I recently had the pleasure of visiting the United States of America for the first time as a tourist. I had visited before for work, but I didn’t get a chance to do any exploration apart from some weird smelling bunkers near the Golden Gate bridge.
This time, I purposely set out to find and explore a bunker and compare it against what we have in Australia.
My journey started in San Francisco. So we headed across the famous bridge and drove along the coast to see what we could find.
No surprise we found a LOT of military bunkers. Some were closed, some were tourist spots such as the Nike Missile site. But inbetween, tucked between the hills we found an old artillery site that we could explore.
The first thing I noticed is how closed up and well preserved the site is. Roller shutters had been installed. Heavy iron doors welded closed. Grafitti was rife, but it didn’t look like much damage had been done.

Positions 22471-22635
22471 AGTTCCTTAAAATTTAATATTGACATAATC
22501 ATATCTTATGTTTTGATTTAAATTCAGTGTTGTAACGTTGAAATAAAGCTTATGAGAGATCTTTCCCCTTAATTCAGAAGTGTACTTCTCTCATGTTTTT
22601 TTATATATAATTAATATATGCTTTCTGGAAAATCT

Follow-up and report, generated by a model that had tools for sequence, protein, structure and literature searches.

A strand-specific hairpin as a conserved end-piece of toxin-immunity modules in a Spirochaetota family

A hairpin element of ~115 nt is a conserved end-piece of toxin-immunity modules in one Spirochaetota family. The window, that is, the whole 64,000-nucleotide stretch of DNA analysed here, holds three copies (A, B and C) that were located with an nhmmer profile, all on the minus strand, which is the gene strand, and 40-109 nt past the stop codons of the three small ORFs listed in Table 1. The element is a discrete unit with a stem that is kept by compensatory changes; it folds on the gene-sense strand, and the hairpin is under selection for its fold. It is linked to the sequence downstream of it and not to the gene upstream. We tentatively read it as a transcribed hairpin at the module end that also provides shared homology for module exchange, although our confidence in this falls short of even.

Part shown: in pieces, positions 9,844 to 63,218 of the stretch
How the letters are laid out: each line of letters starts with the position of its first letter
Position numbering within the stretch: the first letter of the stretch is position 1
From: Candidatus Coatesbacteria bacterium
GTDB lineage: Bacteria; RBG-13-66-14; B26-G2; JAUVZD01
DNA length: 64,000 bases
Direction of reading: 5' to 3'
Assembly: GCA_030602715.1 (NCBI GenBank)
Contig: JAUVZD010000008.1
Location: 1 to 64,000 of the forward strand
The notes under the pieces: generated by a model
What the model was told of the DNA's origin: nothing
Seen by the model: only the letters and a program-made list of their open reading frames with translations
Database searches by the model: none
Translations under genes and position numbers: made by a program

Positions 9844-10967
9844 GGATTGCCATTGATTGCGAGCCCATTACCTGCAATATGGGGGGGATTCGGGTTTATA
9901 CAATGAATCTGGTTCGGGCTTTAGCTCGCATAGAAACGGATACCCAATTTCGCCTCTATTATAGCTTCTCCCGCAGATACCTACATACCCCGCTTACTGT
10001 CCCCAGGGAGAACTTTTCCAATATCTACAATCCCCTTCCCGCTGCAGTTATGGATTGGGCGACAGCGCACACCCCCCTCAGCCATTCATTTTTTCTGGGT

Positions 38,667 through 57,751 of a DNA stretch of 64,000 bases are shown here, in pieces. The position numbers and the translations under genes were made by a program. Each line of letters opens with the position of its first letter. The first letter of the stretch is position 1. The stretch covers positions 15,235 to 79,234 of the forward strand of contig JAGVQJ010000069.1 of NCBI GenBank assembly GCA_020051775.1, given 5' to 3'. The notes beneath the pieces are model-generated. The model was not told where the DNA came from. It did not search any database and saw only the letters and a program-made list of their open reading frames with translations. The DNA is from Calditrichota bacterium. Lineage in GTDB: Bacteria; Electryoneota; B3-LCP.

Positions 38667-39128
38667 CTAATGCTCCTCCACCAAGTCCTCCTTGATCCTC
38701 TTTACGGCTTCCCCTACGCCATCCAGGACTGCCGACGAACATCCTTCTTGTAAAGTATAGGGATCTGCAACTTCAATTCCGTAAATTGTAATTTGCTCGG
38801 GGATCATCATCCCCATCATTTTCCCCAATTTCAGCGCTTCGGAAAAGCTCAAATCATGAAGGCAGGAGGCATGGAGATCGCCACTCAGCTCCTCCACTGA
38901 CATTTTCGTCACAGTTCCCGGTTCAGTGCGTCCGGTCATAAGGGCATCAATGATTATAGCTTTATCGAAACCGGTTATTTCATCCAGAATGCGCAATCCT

We were only able to wander around the bunker. It was sealed up and the only window we could look in was covered in pine cones. Is this an American thing? Throwing cones to appease some sort of god? Who knows?
The base, we were told by a helpful man from the tourist info center up the road. Was used to guard the entrance to San Francisco bay. It was one of the “newer” installations. The idea is, the older bunkers are near the ocean. Newer, more powerful guns meant they could be further back keeping people safer.
This one, was completely away from the bay and behind a hill. It would lob large artillery shells at any idiot trying to take on the Americans.
Did mention how god damn beautiful this place is?
The only place we could get in was the toilets. It was full of pine cones and poo.
Like seriously. Poo. I’ve not run into poo on any of my other adventures.
We walked on from this bunker to follow a trail down the coast a bit. On the way we passed some bushes and found these stairs. They led down to what I can only think were some offices.
At this point I was on my own as my friends were up on a hill gawping at the amazing scenery that surrounded us.